Flooding highlights need for effective management of waterways

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Dan Ahuna, Vice Chair, Trustee, Kaua‘i and Ni‘ihau

In the aftermath of the torrential floods that took place on April 14th of this year, our community on Kaua‘i has become keenly aware of the importance of management of our watersheds and water systems. Many areas have been reshaped and we are forced to consider our plans for future management. This is golden opportunity.

Effective management of our waterways is often impaired by rigorous permitting systems and bureaucratic red tape that make it costly for communities to effectively partake in the maintenance and upkeep of traditional systems. It is often large landowners who have resources to hire attorneys and cut through the red tape and gain the necessary permits to restructure water systems in ways that benefit them alone. We have seen many examples of how the actions end up having devastating impacts on the rest of the community at some point.

If community-based organizations and government agencies could work together to create a streamlined process that allows for greater access and more maintenance for our water systems, we would help growing markets such as small-scale food producing farms. The disastrous floods have been eye-opening in numerous ways. The emergency declaration that the county of Kaua‘i has been under has meant that permitting requirements have been lifted so that debris can be cleared from the waterways.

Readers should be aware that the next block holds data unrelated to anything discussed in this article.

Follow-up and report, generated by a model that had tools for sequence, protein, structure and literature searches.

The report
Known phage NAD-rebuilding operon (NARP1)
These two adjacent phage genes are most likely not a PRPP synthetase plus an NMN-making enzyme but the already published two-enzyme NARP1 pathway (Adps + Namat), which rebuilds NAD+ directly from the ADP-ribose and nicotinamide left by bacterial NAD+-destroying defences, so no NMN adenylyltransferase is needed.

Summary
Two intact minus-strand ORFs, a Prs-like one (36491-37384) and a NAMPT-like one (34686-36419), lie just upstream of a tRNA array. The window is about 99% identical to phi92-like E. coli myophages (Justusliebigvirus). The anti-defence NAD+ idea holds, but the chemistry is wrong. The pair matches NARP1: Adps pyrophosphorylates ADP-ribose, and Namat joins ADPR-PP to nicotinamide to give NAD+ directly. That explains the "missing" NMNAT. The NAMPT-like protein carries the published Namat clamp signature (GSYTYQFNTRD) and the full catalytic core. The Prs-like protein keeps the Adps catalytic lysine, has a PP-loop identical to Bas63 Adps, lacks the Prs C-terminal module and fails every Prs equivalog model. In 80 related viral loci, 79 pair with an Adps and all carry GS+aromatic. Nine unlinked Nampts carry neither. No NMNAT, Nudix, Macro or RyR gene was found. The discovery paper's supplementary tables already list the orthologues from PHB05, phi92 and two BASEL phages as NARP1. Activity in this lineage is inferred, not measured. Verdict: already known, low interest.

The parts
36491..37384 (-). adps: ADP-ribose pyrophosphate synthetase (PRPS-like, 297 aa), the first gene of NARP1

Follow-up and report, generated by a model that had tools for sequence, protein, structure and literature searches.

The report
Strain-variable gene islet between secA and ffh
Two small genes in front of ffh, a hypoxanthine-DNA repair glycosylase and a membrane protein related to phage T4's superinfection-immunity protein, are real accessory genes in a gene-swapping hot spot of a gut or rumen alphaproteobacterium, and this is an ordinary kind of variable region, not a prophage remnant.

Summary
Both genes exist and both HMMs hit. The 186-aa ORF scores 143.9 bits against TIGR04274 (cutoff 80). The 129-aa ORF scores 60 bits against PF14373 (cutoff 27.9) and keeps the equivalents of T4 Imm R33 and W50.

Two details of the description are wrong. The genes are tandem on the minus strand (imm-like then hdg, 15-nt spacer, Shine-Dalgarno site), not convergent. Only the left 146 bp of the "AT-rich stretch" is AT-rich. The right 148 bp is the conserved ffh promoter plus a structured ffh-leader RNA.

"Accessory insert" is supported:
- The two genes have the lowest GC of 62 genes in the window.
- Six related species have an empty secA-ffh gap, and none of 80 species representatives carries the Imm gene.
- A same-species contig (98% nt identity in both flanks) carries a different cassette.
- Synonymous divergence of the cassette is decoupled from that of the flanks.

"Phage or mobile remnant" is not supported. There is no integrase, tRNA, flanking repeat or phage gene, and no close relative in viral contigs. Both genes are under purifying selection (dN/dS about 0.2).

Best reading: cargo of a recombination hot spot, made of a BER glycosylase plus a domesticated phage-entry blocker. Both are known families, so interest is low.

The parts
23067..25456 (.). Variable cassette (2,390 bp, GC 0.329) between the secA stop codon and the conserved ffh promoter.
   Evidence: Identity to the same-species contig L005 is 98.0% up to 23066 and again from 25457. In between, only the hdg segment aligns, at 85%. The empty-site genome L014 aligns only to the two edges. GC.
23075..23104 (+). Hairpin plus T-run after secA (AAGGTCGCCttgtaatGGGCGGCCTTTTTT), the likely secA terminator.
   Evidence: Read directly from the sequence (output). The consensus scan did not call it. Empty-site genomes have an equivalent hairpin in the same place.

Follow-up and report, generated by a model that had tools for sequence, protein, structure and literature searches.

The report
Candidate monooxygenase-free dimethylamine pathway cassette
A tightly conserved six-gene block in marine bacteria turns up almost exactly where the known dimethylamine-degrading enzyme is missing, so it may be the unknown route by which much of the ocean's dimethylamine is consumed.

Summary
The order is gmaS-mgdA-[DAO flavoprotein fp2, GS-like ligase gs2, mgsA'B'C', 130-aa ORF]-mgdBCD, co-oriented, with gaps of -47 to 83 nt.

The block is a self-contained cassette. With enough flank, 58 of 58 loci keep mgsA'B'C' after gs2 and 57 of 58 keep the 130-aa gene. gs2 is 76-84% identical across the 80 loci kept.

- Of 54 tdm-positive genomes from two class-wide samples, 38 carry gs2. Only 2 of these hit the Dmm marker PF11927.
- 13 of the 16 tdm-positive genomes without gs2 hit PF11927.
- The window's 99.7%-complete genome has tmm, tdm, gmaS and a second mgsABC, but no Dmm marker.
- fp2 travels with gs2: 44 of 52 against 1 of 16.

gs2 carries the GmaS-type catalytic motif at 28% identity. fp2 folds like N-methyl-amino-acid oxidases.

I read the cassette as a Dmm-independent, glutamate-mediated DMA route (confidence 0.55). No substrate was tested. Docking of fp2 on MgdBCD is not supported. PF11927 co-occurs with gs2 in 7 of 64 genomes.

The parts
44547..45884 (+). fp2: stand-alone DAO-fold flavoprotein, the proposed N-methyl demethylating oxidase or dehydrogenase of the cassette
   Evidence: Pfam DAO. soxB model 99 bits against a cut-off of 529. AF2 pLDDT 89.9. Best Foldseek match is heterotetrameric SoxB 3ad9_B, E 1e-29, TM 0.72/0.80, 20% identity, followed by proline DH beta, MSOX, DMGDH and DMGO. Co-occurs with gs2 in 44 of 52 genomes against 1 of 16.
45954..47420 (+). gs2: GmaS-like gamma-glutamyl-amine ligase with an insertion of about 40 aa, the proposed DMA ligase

This has been enlightening and our community has gone to work quickly and effectively. But when the declaration is pau and the restrictions are put back in place, our communities will be handcuffed again. We must work now to ensure we have a more effective process to allow our community stewards access to maintain safe and proper water flows.

I have been communicating with community members and government officials in an effort to maximize this opportunity we have. However, this will take some major political will and significant community input. I am requesting that community-based management organizations reach out to their networks and have them contact their elected officials at all government levels and request that community-based water management systems be given the utmost attention and that a plan be developed that empowers our community to ensure safe and maintained water systems. Please contact my office for more information.